, Figure S1). In the heterozygotes, we observed no abnormalities in the anaphase I stage of meiosis, and the first division of meiosis resulted in normal haploid metaphase II cells where, as expected, two types of metaphase plates with different chromosome numbers were observed. Therefore we conclude that chromosomal rearrangements are not fixed in several of the populations studied, and there seems to be no strong selection against chromosomal heterozygotes. Interestingly, chromosome number range overlaps between some studied populations separated by hundreds of kilometers, e.g. in Kazakhstan between the population from Landman (2n = 56-61) and the population from Saur (2n = 56-64).
Figure 1 Chromosomal cline in Leptidea sinapis across the Palaearctic region. a. Sampling sites and karyotype results. Metaphase plates were observed in 35 individuals, out of which 23 had unambiguous chromosome number counts: Spain - 4, France - 2, Italy - 2, (more ...)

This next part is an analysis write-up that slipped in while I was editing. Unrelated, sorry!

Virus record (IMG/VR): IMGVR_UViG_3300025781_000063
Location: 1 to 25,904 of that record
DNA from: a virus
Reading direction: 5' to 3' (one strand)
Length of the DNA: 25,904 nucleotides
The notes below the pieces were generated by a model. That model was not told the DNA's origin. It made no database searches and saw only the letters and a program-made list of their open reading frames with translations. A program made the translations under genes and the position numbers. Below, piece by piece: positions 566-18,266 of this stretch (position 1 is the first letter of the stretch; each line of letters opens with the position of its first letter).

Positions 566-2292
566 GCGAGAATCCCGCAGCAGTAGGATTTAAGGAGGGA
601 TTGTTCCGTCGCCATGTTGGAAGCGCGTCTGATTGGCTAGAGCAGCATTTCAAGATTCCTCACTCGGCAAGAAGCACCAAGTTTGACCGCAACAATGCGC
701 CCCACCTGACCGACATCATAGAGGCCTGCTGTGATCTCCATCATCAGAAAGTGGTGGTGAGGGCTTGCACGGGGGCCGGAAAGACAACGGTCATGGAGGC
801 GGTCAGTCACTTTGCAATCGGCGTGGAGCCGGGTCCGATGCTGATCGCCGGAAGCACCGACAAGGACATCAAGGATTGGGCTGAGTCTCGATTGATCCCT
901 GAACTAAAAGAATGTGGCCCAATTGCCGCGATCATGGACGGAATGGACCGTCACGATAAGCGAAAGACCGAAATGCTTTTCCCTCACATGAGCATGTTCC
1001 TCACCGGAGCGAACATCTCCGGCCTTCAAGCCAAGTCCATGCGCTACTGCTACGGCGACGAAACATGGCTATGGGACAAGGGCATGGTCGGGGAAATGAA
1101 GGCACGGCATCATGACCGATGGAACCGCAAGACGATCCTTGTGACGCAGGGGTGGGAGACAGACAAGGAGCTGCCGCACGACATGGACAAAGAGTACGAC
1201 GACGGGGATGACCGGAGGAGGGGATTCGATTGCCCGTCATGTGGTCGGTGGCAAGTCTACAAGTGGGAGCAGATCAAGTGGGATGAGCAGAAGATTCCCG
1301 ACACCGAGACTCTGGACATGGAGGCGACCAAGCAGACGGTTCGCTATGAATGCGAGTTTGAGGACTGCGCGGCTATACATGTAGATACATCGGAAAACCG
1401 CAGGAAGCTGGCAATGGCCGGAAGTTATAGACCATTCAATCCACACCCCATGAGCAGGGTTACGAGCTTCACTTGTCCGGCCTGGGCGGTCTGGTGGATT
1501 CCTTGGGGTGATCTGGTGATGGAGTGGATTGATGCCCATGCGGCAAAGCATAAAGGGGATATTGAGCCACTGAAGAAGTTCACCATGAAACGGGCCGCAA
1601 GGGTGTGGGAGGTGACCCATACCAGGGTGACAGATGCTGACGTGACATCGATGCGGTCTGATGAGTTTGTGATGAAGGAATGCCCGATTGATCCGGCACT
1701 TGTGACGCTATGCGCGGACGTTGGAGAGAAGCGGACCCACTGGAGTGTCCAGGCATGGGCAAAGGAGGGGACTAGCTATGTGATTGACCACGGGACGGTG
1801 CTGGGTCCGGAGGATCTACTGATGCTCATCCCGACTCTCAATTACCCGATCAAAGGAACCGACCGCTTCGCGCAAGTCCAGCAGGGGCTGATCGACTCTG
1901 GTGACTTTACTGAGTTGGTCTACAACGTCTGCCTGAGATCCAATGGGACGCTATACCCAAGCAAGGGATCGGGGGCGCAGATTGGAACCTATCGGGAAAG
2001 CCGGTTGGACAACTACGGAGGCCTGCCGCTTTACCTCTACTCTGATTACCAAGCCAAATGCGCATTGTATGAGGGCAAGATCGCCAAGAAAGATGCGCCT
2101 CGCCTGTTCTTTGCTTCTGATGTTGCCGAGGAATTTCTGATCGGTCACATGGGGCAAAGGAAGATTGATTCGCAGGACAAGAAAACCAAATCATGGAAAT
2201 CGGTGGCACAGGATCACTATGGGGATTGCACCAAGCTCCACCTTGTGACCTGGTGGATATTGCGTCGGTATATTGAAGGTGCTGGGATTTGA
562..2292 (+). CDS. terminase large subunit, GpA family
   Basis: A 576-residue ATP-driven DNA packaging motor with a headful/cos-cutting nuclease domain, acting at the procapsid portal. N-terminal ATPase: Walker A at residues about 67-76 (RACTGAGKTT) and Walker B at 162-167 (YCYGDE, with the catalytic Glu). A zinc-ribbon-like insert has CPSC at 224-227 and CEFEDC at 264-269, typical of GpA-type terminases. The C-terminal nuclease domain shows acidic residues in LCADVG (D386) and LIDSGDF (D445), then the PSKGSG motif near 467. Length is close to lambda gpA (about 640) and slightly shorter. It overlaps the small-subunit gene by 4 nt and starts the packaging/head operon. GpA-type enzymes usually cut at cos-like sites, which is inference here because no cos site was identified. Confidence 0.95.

Figure 2 Male genitalia morphology of Leptidea sinapis reveals no significant intraspecific differences. One-way ANOVA for a. phallus length/vinculum width and b. saccus length/vinculum width. The sibling species L. reali is included as positive control. Only (more ...)
In certain species, variation in chromosome number may be caused by the presence of so-called B-chromosomes (=additional chromosomes, =supernumerary chromosomes) [37
]. B-chromosomes consist mainly of repetitive DNA and can be usually found in low numbers (one to five) in a percentage of the individuals of a given population. Although they are dispensable, they can sometimes accumulate through processes of mitotic or meiotic drive [38
]. B-chromosomes can be distinguished from normal A-chromosomes because they are usually smaller and can be seen as additional chromosomes present in only some of the individuals in a population. The best diagnostic feature is their identity at meiosis, where they may be found as univalents, or in various pairing configurations (bivalents or multivalents), but never pairing with A-chromosomes. Thus, meiotic analysis is critical to distinguish between B-chromosomes and normal A-chromosomes [37